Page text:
8. Celine Boutier

Boutier’s consistent run of play extends through the opening salvo of the season, with the French golfer leading the tour with five top-10 finishes. The Frenchwoman finished T-4 at the Chevron Championship, T-10 at the Lotte Championship and T-14 at the DIO Implant Open, finishing a stroke off of her third top-10 in a row at Wilshire Country Club.

At her press conference ahead of the Palos Verdes Championship, Boutier cited putting improvements as the difference-maker in her play. She’s T-17 on tour this year with 29 putts per round, a one-stroke improvement from 2021, when she averaged 30.1 putts per round (T-57).

Starts: 8
Wins: 0
Top 10s: 5
Best Finish: 3rd at Honda LPGA Thailand
Last Month: 8th

9. Danielle Kang

Kang and Koertz Madsen are the only two players with a victory and runner-up finish in 2022. Kang’s electric start nearly put her at the top of the original version of the power rankings, but she has cooled off since.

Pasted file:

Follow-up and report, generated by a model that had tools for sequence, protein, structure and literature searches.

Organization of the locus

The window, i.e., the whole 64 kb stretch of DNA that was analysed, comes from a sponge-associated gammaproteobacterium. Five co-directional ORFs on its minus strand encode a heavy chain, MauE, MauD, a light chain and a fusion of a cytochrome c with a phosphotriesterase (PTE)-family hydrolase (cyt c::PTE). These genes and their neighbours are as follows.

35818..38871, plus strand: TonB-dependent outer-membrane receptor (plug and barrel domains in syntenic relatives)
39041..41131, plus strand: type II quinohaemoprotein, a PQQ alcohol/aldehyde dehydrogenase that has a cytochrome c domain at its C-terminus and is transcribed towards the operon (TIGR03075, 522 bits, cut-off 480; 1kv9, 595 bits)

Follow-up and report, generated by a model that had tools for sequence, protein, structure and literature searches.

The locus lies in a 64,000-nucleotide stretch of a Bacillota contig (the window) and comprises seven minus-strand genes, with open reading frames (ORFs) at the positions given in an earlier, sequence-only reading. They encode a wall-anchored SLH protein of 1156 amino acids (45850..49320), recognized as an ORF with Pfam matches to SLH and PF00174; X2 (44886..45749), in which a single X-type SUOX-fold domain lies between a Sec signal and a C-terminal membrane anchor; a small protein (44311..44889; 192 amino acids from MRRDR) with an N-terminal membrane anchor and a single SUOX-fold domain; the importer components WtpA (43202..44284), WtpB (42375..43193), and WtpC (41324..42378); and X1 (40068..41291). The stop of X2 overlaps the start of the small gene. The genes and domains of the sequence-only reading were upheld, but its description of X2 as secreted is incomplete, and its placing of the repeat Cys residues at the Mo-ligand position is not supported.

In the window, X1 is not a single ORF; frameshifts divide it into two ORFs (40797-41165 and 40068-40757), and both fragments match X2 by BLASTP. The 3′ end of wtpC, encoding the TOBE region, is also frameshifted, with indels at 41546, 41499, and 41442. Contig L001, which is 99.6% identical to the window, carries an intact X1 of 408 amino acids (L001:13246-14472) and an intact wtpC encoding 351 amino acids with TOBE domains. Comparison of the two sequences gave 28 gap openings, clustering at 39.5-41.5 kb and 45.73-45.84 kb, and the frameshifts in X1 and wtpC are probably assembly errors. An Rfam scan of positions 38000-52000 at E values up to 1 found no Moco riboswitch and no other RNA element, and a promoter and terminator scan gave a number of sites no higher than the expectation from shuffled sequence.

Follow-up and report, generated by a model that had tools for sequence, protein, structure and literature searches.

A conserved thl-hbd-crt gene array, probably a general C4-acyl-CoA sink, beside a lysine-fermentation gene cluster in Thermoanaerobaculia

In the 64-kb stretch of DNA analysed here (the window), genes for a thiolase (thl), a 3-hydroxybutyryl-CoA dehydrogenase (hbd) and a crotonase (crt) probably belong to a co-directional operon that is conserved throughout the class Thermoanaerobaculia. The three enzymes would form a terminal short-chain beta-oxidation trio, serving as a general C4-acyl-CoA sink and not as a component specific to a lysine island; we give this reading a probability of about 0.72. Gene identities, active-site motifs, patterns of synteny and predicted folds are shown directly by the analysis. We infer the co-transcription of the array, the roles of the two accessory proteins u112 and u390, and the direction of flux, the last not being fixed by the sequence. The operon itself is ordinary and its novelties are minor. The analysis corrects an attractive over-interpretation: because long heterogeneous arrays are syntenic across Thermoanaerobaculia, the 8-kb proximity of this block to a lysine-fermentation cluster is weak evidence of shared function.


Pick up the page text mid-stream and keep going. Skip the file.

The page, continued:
She finished T-17 at the Chevron Championship, then withdrew from the Lotte Championship with an injury. Kang failed to break 70 in four rounds at the DIO Implant LA Open for a T-35 finish, after posting in the 60s in 13 of 16 rounds over her first four events of the year.

She’s holding in the top 10 of the rankings because of her success at the start of the season, but she’ll need a dramatic turnaround to move back into second place.

Starts: 5
Wins: 1
Top 10s: 4
Best Finish: Win at Hilton Resorts Tournament of Champions
Last Month: 2nd

10. Minjee Lee

In March, the Australian passed on the opening Florida swing to remain in the Eastern Hemisphere for her debut at the HSBC World Championship in Sinagpore. Lee blitzed the final round with 11 birdies for a 63 and T-2 finish. It set the tone for a stellar start to the year, as Lee hasn’t finished outside of the top 25 across her five starts in 2022. She finished in 12th place at the Chevron Championship and had a T-3 at the DIO Implant Open since the last rankings.